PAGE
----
What The Return Of Nuclear Power Plant Construction Means For Municipal Investors

by: Columbia Threadneedle Investments

By Chad Farrington, CFA, Head of Municipal Bond Credit Research and Senior Portfolio Manager

The builder constructing the first new nuclear power plants in the U.S. in more than 40 years recently filed for bankruptcy protection. What does this mean for the project's completion, and, on a broader scale, the municipal market?

The U.S. nuclear power industry is currently comprised of 99 nuclear reactors in 30 states, supplying approximately 20% of the country’s electricity needs.1 These facilities are held by both investor-owned utilities and municipal or public power utilities. The public power utility sector as a whole is viewed as a relatively safe and secure sector of the municipal market due to the stable demand for electricity and the ability of public power utilities to recover cost burdens through electricity rate increases to customers.

A combination of factors, including nuclear accidents at Three Mile Island in 1979 and Chernobyl in 1986, health and safety concerns and cost overruns due to regulatory issues and construction delays, led to a discontinuation in nuclear plant construction in the U.S. for decades. Now rising fossil fuel prices and concerns regarding greenhouse gas emissions over the past several years have fueled what many believed to be a nuclear renaissance in the U.S. and other countries around the globe.

Westinghouse’s role in nuclear renaissance

Westinghouse Electric Company, a subsidiary of Japan’s Toshiba Corporation and the largest builder of nuclear power plants in the world, is the lead construction contractor of the first nuclear plants to be built in the U.S. in nearly 40 years: Plant Vogtle in Georgia and Virgil C. Summer in South Carolina.

Substantial cost overruns and delays have led to massive financial losses for Westinghouse and the eventual Chapter 11 bankruptcy filing on March 29. The result is a heightened degree of uncertainty about the projects' future and an increase in the perceived riskiness for municipal bonds and the public power utilities involved with the projects.

Bond issuers exposed to Westinghouse

Six municipal bond issuers have varying degrees of exposure to these nuclear projects.2 Given their ownership interests in the facilities, the following four municipal bond issuers have already incurred substantial costs and issued debt to finance the construction.

  • South Carolina Public Service Authority (Santee Cooper) is 45% owner of the Summer project.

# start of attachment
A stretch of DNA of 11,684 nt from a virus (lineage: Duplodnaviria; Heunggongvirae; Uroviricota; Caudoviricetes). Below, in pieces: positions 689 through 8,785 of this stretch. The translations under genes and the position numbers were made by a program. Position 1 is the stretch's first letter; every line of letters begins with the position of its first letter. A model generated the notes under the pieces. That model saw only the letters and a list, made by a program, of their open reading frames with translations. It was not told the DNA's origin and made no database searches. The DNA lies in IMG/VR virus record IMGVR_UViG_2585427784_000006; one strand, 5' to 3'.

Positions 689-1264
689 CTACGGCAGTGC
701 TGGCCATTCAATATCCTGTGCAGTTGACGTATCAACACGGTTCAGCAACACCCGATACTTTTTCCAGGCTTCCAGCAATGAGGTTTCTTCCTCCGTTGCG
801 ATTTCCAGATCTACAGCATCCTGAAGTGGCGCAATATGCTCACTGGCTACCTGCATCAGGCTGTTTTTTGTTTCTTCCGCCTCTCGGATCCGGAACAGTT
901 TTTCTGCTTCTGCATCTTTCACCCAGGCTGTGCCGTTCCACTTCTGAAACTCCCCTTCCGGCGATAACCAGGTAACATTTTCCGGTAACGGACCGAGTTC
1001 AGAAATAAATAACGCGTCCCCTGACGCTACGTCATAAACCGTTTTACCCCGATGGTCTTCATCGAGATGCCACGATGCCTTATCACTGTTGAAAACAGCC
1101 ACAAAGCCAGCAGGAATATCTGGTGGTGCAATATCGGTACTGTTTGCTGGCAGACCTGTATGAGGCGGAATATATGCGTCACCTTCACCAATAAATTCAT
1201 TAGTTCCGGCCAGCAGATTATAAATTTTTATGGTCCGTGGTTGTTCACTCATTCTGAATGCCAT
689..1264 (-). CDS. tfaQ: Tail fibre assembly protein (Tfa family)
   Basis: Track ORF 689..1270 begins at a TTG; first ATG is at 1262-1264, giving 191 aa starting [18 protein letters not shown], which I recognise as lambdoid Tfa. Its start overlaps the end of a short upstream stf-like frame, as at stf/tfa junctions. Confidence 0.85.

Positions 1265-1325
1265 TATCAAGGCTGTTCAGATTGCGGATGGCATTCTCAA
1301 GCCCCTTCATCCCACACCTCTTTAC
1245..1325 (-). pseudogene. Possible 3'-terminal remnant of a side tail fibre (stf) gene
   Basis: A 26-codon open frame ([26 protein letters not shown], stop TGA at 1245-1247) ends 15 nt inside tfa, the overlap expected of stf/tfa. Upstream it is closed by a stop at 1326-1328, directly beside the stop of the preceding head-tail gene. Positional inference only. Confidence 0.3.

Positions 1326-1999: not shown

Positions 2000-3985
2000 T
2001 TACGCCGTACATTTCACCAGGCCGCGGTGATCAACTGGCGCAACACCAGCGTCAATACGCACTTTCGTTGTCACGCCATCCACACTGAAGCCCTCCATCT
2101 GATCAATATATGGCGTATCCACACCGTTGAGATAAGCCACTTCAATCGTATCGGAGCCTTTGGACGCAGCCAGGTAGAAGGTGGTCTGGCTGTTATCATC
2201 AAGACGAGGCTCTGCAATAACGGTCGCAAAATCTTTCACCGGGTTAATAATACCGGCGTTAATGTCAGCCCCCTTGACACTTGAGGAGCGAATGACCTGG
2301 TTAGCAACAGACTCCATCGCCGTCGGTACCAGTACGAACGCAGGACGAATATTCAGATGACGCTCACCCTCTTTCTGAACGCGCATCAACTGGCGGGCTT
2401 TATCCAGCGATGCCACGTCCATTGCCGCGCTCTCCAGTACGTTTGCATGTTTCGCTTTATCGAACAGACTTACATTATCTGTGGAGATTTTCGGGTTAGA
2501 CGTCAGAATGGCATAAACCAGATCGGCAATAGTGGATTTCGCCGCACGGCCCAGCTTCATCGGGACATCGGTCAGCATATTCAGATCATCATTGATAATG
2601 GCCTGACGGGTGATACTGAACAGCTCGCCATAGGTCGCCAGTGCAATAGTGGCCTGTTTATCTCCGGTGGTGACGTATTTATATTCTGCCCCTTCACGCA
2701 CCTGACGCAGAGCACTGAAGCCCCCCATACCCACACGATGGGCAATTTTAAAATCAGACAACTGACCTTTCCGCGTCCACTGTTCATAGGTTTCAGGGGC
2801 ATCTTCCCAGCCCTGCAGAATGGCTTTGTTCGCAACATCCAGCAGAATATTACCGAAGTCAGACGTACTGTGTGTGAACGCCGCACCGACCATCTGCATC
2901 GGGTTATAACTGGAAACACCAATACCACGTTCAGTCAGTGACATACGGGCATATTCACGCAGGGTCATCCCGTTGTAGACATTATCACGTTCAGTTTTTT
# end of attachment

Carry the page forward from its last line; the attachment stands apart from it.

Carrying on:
• Oglethorpe Power is 30% owner of the Vogtle project.

  • Municipal Electric Authority of Georgia (MEAG) is 22.7% owner of Vogtle.

  • City of Dalton, GA is 1.6% owner of Vogtle.

Since the following two issuers have agreed to purchase power, they may experience financial pressure as costs are passed along to all participants:

  • Jacksonville Electric Authority (JEA) is a purchaser of Vogtle plant power under a 20-year contract that includes responsibility for construction cost overruns.

  • PowerSouth is a purchaser of Vogtle plant power under a similar 20-year contract.

Who pays for cost overruns?

Prior to the Westinghouse bankruptcy filing, the various project owners benefited from a fixed-price construction contract provided by Westinghouse, thereby shielding the municipal utilities from substantial cost overruns. Westinghouse, however, is likely to reject this contract in bankruptcy court and attempt to shift the burden of future cost overruns to the project owners, with likely negative impacts to the credit quality and ratings of the various owners. The project owners benefit from a limited guarantee provided by Toshiba, but Toshiba’s tentative financial footing calls into question the potential benefit of the guarantee.

To continue the project or not to continue

The public utility owners are now in the process of deciding whether or not to complete the project. The decision will impact the future cost burden, the need to raise additional debt and the magnitude of any future electricity rate increases to customers.

Municipal utilities benefit by having autonomous rate-setting ability, which means that the electricity rates the utilities charge to their residential, commercial and industrial customers are set by the utilities themselves and do not need approval from a regulatory body. Thus, plant construction cost overruns potentially can be recouped through higher electricity rates charged to customers.

This ability to raise rates fairly easily is one of the reasons public power is generally a high-quality, stable sector of the municipal market. Therefore, although the bond prices of the municipalities with exposure to these projects could further weaken, ultimate repayment is not likely to be an issue.

Bottom line

We believe that some credit ratings fallout from the Westinghouse bankruptcy is likely. However, we remain confident that the public power utility sector as a whole is a relatively safe and secure sector of the municipal market because of the stable demand for electricity and the ability of public power utilities to recover cost burdens through electricity rate increases to customers.

1 Source: Nuclear Energy Institute, 2016; https://www.nei.org/Knowledge-Center/Nuclear-Statistics/US-Nuclear-Power-Plants
2 Source: Barclays Municipal Research, April 2017

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